In order for children to begin reading themselves and develop fluency they need to be able to decode and have a secure phonemic awareness which is why our reading curriculum includes a systematic, focused synthetic phonics programme called Ready, Steady, Phonics. Alongside the phonic programme children will engage in Guided Reading sessions reading a phonetically matched book and enjoy other books as part of reading for pleasure. We believe that ‘reading for pleasure’ is not an ‘add-on’ – it is the context in which all reading takes place. We take into account children’s interests when choosing material that has the capacity to appeal to them, while also considering the quality of language and illustration and the variety of authors and genres. Our shared books that are read allowed to children daily support our Writing programme ‘Pathways to Write’ as we take a text based approach to teaching writing, reading and vocabulary. Children will study their class book, along with other linked texts, in reading sessions, building on and inspiring writing. All of our reading teaching and learning follows the National Curriculum.
Please see phonics policy/statement
All classes explore books and develop reading skills through shared and guided reading experiences. Guided reading sessions occur outside of the general English lesson and are small group sessions. Clear objectives are set/highlighted for each session, and progress is marked on the guided reading grids. Every child engages in two sessions a week with the ambition of 3, if 3 isn’t attainable alternatively a whole class guided read session is shared or paired read. Evidence of learning is collected in a Guided Reading Journal and home reading record. From Y2 onwards children take home at least 2 books per week. In EY and Y1 the phonic policy is followed and children take home a phonetically matched book plus a reading-for-pleasure book.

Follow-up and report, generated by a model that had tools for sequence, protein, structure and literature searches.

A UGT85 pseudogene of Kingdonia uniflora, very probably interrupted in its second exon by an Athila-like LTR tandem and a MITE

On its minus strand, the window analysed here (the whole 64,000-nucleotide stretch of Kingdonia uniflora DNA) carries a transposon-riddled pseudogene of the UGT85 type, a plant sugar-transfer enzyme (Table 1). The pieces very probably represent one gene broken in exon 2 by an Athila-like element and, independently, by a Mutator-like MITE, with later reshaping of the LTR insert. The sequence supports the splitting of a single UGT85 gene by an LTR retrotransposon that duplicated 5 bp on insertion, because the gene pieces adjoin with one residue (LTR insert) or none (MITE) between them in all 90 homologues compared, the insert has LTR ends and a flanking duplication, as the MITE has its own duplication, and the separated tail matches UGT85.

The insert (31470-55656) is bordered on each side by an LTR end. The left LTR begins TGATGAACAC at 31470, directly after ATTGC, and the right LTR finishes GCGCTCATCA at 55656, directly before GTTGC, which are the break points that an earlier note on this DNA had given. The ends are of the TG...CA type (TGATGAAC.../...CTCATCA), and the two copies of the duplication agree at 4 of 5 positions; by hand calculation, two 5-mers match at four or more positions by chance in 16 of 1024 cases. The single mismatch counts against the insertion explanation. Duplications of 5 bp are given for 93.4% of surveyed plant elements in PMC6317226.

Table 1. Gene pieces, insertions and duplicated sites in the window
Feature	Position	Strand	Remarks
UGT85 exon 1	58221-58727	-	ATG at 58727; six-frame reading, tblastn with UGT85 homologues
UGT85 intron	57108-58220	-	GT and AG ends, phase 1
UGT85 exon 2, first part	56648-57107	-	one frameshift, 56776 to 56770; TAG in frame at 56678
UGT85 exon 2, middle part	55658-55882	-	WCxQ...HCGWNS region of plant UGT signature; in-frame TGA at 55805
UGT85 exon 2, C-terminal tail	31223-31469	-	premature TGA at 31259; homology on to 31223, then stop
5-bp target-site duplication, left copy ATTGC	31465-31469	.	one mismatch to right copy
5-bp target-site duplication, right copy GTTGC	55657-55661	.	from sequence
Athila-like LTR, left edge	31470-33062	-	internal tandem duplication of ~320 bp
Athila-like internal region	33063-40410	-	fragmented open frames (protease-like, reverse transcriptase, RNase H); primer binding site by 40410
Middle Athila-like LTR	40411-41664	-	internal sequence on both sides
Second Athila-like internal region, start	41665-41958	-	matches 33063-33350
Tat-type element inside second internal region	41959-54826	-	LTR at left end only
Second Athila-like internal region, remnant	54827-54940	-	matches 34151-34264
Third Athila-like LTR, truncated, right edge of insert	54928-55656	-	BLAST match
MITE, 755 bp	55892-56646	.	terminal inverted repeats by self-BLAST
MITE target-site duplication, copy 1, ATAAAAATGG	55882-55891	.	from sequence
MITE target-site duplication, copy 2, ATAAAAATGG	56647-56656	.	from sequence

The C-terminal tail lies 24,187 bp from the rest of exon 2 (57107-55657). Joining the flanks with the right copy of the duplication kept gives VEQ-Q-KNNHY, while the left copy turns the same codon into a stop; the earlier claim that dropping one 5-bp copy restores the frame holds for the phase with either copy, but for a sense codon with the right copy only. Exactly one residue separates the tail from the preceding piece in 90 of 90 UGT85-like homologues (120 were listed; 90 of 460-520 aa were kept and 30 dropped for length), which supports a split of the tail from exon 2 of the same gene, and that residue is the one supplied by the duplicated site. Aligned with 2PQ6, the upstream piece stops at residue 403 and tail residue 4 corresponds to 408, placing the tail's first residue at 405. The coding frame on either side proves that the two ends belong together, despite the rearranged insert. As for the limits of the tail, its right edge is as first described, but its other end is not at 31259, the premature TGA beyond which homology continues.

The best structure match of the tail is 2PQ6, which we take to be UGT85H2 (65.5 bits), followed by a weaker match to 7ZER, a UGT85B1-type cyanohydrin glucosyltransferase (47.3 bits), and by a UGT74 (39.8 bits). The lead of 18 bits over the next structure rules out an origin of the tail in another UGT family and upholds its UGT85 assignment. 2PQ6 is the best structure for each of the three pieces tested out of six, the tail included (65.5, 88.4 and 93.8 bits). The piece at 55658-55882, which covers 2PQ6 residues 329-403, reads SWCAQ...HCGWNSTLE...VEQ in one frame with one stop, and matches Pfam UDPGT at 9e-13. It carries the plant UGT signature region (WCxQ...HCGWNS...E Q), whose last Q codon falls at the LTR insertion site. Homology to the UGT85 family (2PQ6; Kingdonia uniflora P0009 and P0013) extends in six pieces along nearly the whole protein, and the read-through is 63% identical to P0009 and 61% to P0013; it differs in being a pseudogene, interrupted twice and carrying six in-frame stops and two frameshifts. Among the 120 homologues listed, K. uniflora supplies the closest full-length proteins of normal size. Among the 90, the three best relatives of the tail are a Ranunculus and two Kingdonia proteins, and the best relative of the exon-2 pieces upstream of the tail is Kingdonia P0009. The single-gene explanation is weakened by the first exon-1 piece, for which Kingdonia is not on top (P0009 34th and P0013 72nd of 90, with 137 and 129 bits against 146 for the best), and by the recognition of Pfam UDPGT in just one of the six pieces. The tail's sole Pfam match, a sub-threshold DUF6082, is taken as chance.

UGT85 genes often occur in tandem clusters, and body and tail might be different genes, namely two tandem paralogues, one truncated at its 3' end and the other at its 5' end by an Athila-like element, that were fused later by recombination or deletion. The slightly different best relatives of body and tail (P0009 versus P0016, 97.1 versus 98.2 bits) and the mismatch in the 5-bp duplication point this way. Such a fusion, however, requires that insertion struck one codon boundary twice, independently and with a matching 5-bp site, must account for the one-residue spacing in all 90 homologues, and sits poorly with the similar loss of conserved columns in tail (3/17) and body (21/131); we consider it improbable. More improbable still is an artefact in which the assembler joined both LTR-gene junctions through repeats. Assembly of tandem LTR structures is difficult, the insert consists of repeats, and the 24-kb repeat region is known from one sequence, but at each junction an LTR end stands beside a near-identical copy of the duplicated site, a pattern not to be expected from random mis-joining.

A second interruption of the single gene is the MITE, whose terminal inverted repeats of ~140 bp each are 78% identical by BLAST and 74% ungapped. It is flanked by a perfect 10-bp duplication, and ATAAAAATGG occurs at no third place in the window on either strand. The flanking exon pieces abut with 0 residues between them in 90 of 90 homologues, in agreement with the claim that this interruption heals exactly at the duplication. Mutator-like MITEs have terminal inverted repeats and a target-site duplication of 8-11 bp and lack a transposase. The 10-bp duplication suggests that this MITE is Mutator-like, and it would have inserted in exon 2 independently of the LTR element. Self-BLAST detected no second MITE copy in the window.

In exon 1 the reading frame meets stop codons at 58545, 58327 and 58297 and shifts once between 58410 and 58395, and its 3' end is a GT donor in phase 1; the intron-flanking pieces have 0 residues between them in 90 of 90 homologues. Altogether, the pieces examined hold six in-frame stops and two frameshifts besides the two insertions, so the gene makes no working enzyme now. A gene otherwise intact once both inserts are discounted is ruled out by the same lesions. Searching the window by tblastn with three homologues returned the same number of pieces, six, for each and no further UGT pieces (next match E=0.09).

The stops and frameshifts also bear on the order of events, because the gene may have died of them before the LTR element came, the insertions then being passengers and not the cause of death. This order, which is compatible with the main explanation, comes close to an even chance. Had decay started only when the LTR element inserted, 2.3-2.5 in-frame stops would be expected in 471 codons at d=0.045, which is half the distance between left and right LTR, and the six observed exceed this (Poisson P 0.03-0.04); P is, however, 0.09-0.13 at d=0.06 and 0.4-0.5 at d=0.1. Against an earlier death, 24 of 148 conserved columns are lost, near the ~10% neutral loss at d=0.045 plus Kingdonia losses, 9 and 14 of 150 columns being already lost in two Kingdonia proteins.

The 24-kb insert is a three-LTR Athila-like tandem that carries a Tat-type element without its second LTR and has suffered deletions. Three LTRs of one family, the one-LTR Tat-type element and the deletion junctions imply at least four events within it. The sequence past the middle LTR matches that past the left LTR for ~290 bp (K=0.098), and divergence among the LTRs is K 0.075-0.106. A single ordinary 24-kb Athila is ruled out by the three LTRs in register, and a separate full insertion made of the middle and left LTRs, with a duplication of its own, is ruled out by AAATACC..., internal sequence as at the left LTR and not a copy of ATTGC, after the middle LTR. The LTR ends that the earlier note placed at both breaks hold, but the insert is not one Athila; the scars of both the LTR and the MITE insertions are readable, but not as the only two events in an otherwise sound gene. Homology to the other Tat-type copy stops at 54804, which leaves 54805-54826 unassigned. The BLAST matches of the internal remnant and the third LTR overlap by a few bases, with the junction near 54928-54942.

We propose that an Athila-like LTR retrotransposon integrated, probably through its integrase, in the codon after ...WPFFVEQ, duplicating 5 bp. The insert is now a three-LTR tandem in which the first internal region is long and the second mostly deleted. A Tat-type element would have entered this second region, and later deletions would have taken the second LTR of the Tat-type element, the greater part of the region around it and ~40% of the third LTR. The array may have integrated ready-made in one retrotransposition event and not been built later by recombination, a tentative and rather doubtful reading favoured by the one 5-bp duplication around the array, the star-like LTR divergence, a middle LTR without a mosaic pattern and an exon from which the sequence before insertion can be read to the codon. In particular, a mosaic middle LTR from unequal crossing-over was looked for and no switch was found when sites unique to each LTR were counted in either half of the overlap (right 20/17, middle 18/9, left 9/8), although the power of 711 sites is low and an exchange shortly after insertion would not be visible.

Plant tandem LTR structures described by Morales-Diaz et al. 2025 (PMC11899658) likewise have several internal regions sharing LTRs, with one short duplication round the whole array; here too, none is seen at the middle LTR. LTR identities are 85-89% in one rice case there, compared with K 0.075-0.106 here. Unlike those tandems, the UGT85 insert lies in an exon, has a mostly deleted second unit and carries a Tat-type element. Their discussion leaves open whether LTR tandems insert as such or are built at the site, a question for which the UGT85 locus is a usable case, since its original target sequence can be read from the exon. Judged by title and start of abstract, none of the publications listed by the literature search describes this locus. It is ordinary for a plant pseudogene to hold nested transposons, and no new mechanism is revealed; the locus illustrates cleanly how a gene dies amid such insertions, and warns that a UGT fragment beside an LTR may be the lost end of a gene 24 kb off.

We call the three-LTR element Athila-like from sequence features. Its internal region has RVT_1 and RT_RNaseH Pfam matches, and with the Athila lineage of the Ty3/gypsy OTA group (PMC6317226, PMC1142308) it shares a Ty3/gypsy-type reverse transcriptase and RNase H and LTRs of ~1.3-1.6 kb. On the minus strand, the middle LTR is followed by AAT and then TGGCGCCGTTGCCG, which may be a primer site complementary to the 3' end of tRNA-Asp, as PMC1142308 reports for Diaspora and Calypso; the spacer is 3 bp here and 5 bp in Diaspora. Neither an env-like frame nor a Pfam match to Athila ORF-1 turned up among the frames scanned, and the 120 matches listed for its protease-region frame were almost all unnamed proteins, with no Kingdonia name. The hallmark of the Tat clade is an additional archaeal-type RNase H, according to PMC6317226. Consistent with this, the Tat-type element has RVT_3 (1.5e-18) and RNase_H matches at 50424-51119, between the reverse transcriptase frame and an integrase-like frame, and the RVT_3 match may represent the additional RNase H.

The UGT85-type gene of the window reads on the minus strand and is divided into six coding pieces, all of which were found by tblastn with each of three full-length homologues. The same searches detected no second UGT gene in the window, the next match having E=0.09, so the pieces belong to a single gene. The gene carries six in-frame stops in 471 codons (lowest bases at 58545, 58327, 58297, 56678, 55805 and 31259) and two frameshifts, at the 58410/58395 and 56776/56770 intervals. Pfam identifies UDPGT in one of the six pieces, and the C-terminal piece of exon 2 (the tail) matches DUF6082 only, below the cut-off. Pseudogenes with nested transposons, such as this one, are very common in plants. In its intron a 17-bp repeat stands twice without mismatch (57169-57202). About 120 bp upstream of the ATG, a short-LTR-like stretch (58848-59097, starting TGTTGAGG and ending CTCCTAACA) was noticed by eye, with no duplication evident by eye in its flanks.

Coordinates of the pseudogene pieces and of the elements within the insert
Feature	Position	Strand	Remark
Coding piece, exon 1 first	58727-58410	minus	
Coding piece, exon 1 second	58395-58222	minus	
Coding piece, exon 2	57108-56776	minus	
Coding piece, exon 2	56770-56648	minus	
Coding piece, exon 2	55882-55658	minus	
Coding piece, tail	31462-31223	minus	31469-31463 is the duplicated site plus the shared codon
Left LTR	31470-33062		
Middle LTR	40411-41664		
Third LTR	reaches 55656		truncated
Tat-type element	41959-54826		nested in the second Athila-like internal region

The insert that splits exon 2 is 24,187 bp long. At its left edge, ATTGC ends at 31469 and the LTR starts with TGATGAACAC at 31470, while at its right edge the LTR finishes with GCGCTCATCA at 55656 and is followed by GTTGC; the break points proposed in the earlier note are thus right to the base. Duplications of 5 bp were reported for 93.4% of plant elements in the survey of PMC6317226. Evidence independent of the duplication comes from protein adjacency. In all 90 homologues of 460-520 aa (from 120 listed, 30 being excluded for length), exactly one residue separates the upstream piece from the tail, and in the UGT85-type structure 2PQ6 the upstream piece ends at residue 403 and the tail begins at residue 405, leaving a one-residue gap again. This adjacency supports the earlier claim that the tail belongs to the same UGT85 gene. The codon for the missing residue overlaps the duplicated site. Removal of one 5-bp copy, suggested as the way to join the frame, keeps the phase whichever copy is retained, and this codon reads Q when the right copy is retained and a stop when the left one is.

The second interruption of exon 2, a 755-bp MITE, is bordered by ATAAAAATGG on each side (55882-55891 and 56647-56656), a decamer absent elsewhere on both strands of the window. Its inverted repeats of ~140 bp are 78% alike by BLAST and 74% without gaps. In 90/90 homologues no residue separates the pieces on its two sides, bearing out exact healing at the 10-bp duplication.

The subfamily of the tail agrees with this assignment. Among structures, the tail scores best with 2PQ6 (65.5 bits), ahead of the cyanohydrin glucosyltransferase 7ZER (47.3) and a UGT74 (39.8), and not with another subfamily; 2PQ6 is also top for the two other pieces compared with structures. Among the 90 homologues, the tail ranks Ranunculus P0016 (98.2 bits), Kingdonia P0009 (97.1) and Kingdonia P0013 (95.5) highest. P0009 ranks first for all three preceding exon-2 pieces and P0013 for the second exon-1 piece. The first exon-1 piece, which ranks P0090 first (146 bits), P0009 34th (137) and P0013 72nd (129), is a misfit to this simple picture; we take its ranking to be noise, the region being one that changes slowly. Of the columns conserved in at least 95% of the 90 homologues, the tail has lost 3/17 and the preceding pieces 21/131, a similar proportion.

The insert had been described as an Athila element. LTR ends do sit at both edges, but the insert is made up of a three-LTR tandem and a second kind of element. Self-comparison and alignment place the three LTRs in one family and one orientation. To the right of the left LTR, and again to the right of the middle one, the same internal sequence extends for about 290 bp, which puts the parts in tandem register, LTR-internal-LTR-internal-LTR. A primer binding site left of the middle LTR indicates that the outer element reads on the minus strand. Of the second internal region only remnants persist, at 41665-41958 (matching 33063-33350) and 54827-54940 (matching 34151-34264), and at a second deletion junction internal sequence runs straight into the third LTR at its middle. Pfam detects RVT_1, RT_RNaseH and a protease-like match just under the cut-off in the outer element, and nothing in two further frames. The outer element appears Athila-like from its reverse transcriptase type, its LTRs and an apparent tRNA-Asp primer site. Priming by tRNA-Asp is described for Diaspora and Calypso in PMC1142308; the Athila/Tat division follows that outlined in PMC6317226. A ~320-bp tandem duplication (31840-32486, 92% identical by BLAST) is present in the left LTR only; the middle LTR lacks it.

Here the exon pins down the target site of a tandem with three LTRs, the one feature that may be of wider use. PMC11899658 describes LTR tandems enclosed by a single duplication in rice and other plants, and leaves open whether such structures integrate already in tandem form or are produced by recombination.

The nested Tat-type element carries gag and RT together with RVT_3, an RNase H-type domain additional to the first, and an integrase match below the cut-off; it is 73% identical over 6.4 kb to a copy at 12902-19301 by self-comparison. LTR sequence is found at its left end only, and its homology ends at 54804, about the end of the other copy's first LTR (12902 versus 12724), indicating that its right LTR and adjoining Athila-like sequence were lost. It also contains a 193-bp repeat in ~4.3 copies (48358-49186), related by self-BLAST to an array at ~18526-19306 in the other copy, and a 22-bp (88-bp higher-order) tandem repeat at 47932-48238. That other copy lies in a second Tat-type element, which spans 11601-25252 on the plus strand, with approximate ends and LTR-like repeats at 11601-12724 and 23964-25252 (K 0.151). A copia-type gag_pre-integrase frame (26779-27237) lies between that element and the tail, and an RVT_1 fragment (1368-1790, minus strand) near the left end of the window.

This is when texts are shared and enjoyed together as a class. A teacher may read out loud to model reading with accuracy, speed and expression. Text may be displayed. There will opportunity for comprehension, scrutiny of language features and time to teach vocabulary.
This is when children read in pairs. One is the reader and the other is the guide. Paired reading can be an effective use of time.